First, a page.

What started with a Steinway piano covered with Blue Dogs culminated in a posthumous silkscreen print when the estate of George Rodrigue unveiled “Take Five” on Thursday at LSU’s Lod Cook Hotel and Conference Center.

The 31-by-26-inch print features George Rodrigue’s iconic Blue Dog in black tie sitting at the keyboard of what appears to be a Steinway piano, the same baby-grand style of Steinway that the late Louisiana artist turned into art in 2012 to benefit the LSU School of Music.

George Rodrigue died Dec. 14, 2013, but he painted “Take Five” in 2004. He designed the silkscreen before his death, and the Rodrigue Foundation of the Arts began searching for the original painting’s owner six months ago to get permission to create a limited edition of 950 prints.

The prints will sell for $500 apiece, and proceeds will benefit both the LSU School of Music and the George Rodrigue Foundation of the Arts.

“We’ll split the proceeds in half after covering a few expenses,” Jacques Rodrigue said before the unveiling.

He is the foundation’s executive director and the late artist’s son.

“Our original intent was to auction off the Rodrigue Steinway with the proceeds benefiting the foundation and the School of Music,” he said. “But the piano has become too valuable to the family now.”

Rodrigue painted the instrument, covering it with Blue Dogs and bright psychedelic swirls, after Steve Compton, the School of Music’s former director of development, approached the George Rodrigue Foundation of the Arts with the idea.

“Dad had thought for years about painting a piano, then the representatives of the School of Music told him that the Hall Piano Co. was restoring a 100-year-old Steinway,” Jacques Rodrigue said.

The Hall Piano Co., of Metairie, installed Steinway pianos in the LSU School of Music in 2011.

The piano company donated the Rodrigue Steinway to be used as a fundraising tool. It has since made appearances at venues throughout the state, and such musical notables as Billy Joel, Allen Toussaint and Dr. John have used it in performances.

“They’ve all autographed the inside of the piano,” Jacques Rodrigue said. “The foundation is going to keep it, and it will one day be part of a George Rodrigue Museum, which is part of our future plans.”

Jacques Rodrigue can’t help adding a small footnote to the story.

“My dad was happy to paint the piano, but he hated the actual painting of it,” he said. “It hurt his back. There was a lot of real estate to cover, and it was hard work painting all of it, yet at the same time, keeping it interesting.”

The piano stood in the conference center’s lobby during the unveiling ceremony Thursday.

But when the foundation changed its plans for the piano auction, another plan was made.

“We knew that ‘Take Five’ had sold in our gallery in Japan,” Jacques Rodrigue said. “We met with the gallery directors from Japan in New York, but there was a problem because they only spoke Japanese. We were giving them titles, and when we said, ‘Take Five,’ they knew the painting. They said it in English.”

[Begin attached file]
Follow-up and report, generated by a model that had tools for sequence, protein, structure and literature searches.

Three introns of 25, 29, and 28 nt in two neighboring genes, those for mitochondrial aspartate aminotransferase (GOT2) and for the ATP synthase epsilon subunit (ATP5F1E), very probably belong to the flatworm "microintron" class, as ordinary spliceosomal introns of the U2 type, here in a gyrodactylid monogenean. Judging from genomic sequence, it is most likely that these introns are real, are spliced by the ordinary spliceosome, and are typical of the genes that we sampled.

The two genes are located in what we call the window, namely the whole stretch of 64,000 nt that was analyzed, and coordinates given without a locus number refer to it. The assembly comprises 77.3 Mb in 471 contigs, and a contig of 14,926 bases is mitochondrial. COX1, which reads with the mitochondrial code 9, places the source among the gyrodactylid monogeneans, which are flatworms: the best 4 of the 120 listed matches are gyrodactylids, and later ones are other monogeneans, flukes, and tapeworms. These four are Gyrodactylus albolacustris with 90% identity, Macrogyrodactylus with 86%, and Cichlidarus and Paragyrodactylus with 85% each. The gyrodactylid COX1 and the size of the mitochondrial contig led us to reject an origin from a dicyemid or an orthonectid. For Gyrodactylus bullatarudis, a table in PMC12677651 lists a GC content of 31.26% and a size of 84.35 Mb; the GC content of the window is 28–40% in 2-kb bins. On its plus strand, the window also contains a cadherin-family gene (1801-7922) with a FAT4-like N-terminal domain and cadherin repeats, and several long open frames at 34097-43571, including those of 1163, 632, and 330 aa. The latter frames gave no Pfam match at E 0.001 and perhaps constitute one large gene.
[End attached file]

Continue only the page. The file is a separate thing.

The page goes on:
And the gallery directors had records that connected them to the painting’s owner.

“We wanted to release a print that would connect to music and the LSU School of Music,” Jacques Rodrigue said. “We’ve sent a print to the owners, and they’re happy that we were able to make a limited edition print from their painting.”

Each print is numbered and stamped with a specially designed Rodrigue signature.

“We use a proprietary ink for the signature,” Jacques Rodrigue says. “It appears black to the naked eye, purple in fluorescent light and green in infrared light. That’s how you know it’s authentic.”

“Take Five” is the third posthumous print released by the George Rodrigue estate. Its title may reference a musical term or Paul Desmond’s jazz piece, “Take Five,” made famous by the Dave Brubeck Quartet.

“I’m not really sure what Dad was referencing in the title, but it had to do with music,” Jacques Rodrigue said.

The first two posthumous prints were released earlier this year with the second selling out in two days.

“We want to continue to release prints for relief efforts,” Jacques Rodrigue said. “My dad released several prints after 9/11 and Katrina, and we plan to keep doing that. This is one of those opportunities.”

The LSU School of Music began working with the George Rodrigue Foundation of the Arts through Louisiana A+ Schools, part of the Turnaround Arts: Louisiana education initiative designed to turn around low-performing schools through arts integration.

The program was spearheaded by the President’s Committee on the Arts and Humanities, which chose the foundation to direct it.

“We worked with (former) Dean (Laurence) Kaptain on this project,” Jacques Rodrigue said.

“It’s a pleasure to be working with Jacques and the foundation on this,” said Stephen David Beck, director of the School of Music. “We share a vision for the importance of arts in education and creativity in our everyday lives. And our work together in the A+ Schools shows the foundation’s emphasis on education, not only on the college level but in K-12. We’re happy with the culmination of this project, but we’re hoping to continue this collaboration with the foundation for years to come.”

“The college is honored to partner with the Rodrigue Foundation on this event,” added Todd Queen, dean of the LSU College of Music & Dramatic Arts.

Once the prints sell out, another edition will not be issued.

The prints can be found at georgerodriguefoundation.org or any Rodrigue gallery.

We are so excited to unveil this print that Dad designed,” Jacques Rodrigue said. “Dad was a huge supporter of the arts and education, and we are so proud to partner with the LSU School of Music to continue his legacy.”